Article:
The principal questions foreign investors would ask me until recently were about the health of the Indian economy. Now another question is being asked too: what is happening to India's social fabric? Astute investors know that the condition of a country's society can have salient effects on its economic progress. The concern of Indian citizens is even deeper. For them, "development" does not have only an economic dimension. They fear that the tearing of the nation's social fabric is a price not worth paying for faster growth of GDP.
Too many incidents around the country in the past few months have exposed the de facto denial of the de jure rights of Dalits, women and people of minority religions to be treated as politically, economically and socially equal citizens of India. Spokespersons of the ruling political dispensation point out that such incidents had also happened when the previous government was in power. What is different now, and of great concern to India's well-wishers both within and outside the country, is doubt about the intent of the ruling dispensation. Its organs speak and act with disdain for minorities, justifying their hostility with their own self-serving interpretations of India's multi-hued history.
"Any force that encourages conflicts of 'us' versus 'them' within India is a threat to India."
The potential for greatness in India's society, as well as the risk for its sustainability, lies in its diversity. Any force that encourages conflicts of "us" versus "them" within India is a threat to India. Though it may mask its agenda of hate in a specious nationalism, it is an anti-Indian force. The stoking of differences amongst stakeholders, as well as attempts by those in power to suppress others, destroy the idea of a diverse yet harmonious Indian society. These forces if unchecked will retard India's economic progress too. To "Make in India", we have to make India too.
Many business people have been complaining about difficulties in acquiring land and about the nuisance of complying with labour regulations. They were dismayed when the government could not pursue its executive route to dilute provisions in the land law passed by Parliament that required an impact assessment to be made before acquisition and for consent to be taken of stakeholders. Consulting people is too cumbersome, they said. Similarly, they want the right to hire and fire employees more freely. Otherwise they say they are not willing to invest. On the other side, workers, whether represented by unions or not, are concerned about their rights to safety, dignity and fairness in the workplace. Playing to the business gallery, a senior government official got a thunderous ovation at a convention of business people in Kolkata recently when he declared that the way for India to progress is to demolish all regulations on business!
There will be many contentions amongst stakeholders as India develops its economy and society. The government cannot be blatantly on one side or the other. The ruling dispensation too often appears to be on the side of divisive Hindu majority forces and regressive employers. It is also on a drive to obtain a majority in both houses of Parliament so that it can hammer through changes in laws. India does not need more laws. India needs fewer and better laws, and the ability to implement its laws. Passing more laws that will not be honoured in implementation will only lead to more disillusions with the condition of the Indian state.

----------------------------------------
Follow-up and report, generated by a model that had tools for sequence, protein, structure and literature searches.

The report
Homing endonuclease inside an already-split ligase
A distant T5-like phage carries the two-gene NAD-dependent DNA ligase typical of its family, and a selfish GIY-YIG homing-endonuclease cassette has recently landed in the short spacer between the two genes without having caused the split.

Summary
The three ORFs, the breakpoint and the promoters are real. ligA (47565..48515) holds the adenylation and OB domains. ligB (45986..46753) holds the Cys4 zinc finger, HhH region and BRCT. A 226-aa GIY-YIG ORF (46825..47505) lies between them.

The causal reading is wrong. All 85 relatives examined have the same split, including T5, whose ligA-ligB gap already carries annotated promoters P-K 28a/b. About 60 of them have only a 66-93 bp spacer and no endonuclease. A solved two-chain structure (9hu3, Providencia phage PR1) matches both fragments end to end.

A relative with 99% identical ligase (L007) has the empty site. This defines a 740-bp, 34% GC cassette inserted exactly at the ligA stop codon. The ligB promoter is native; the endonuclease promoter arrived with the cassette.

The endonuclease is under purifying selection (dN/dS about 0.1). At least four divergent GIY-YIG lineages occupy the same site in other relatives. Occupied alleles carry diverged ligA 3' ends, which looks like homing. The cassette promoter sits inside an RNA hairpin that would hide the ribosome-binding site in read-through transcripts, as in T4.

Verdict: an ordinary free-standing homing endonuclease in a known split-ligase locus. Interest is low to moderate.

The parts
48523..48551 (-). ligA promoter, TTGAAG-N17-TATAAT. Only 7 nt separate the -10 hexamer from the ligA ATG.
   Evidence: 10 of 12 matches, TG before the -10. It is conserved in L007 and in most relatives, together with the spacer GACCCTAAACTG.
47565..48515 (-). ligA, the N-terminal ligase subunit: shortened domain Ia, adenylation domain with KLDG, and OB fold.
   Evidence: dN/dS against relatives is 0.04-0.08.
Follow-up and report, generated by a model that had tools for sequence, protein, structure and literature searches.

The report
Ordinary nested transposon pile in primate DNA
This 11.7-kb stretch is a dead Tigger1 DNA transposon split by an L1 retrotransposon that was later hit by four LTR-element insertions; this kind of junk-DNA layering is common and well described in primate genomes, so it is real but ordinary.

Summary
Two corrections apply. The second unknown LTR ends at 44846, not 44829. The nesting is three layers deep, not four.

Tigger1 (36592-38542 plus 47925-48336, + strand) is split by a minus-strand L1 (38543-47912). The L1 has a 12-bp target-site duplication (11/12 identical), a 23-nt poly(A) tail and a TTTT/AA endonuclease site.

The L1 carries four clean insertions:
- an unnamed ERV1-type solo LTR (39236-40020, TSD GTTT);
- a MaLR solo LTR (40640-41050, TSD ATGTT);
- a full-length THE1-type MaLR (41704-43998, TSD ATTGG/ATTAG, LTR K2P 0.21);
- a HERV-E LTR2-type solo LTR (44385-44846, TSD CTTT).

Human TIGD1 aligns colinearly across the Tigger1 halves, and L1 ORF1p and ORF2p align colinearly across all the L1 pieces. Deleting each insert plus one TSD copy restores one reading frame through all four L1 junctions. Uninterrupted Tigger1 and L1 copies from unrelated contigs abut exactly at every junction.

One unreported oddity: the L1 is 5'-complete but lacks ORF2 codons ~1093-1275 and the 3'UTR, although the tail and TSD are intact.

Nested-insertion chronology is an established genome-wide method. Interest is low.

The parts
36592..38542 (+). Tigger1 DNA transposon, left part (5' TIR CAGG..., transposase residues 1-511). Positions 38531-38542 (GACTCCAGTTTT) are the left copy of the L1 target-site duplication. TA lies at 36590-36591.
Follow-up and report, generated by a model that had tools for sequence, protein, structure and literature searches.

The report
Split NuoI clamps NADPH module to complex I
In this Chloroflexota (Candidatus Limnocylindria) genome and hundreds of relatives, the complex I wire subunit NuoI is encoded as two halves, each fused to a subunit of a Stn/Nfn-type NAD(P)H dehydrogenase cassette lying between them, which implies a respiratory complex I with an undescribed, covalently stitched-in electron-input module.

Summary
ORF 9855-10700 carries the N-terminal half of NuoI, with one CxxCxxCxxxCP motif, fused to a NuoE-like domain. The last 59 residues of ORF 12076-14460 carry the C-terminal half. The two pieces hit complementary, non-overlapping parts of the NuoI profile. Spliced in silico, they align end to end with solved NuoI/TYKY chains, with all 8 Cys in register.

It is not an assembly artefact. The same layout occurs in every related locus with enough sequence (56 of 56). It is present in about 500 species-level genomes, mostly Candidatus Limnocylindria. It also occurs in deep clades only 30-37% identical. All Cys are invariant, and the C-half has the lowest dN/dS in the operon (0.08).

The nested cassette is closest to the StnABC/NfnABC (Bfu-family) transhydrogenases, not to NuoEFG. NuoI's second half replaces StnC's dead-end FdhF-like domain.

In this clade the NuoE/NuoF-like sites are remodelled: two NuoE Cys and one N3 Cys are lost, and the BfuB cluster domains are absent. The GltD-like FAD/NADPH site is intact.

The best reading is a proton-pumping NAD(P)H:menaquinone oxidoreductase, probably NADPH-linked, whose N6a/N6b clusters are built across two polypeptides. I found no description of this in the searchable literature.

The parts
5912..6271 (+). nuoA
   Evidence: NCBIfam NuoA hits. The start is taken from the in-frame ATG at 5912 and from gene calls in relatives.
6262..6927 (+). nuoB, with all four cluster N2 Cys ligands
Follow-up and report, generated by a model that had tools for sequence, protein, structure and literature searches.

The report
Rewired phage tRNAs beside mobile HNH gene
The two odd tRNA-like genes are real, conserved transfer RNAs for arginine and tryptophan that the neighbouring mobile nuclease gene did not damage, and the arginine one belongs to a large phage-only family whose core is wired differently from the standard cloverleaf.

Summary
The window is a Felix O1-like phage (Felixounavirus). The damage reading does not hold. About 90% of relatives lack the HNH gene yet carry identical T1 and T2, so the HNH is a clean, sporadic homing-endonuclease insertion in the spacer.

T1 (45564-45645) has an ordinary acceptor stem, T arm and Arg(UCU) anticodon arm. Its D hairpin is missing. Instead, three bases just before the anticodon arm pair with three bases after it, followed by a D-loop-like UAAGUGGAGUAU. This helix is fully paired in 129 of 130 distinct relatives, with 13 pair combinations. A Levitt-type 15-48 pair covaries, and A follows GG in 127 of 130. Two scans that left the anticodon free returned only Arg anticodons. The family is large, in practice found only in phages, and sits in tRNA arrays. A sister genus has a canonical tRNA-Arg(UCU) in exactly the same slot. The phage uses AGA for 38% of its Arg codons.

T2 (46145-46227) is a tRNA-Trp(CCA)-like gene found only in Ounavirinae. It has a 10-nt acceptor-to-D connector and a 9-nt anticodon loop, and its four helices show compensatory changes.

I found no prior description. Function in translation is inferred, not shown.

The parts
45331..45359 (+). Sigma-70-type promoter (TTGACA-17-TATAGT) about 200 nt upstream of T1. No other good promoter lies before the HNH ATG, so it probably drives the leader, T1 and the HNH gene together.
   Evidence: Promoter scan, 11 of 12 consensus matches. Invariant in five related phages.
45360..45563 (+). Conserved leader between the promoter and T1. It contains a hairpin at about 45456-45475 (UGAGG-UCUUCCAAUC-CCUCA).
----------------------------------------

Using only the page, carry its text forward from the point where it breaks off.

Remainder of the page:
The government must institutionalise processes for resolution of differences before making laws. The quality of public discourse must also be improved. There must be more listening to understand other points of view and less yelling at others on TV and in legislative assemblies. Millions more tweets in a "digital India" will not add depth to the dialogue. Millions of followers of opposing points of view on social media will divide society more deeply, not create unity. For harmony, people must listen to those who they oppose and understand other points of view. They must comprehend the complex reality of which each is only a part. Then, together, they can shape a future that is good for all.
"Clearly the priority for the country's leaders must be to build a strong institutional framework for dialogue and for collaboration amongst many diverse stakeholders in India's future."
Two alternative scenarios of India's future can emerge depending on whether or not processes for consultation and collaboration are improved. If they are not, India may improve its GDP for a short while by a dictatorial government hammering down the opposition. The hammering down will increase internal tensions that, like a suppressed volcano, will break out some time in the not too distant future, and will, once again, retard India's development. The better scenario, of sustained and higher economic growth and more harmony in society, emerges with institutionalisation of processes for dialogue and consensus. Such scenarios of India's future, using disciplines of systems' thinking and scenario planning, have been projected twice: once by the World Economic Forum in 2005, and then by India's Planning Commission in 2012. Those who consider the value of a policy only by the effect it has on GDP should note that, both times, economic forecasters estimated a difference, between the scenarios with and without collaborative processes, of 2-3% in the growth of India's GDP.
Clearly the priority for the country's leaders must be to build a strong institutional framework for dialogue and for collaboration amongst many diverse stakeholders in India's future. Without it, India's future greatness will only be a dream.
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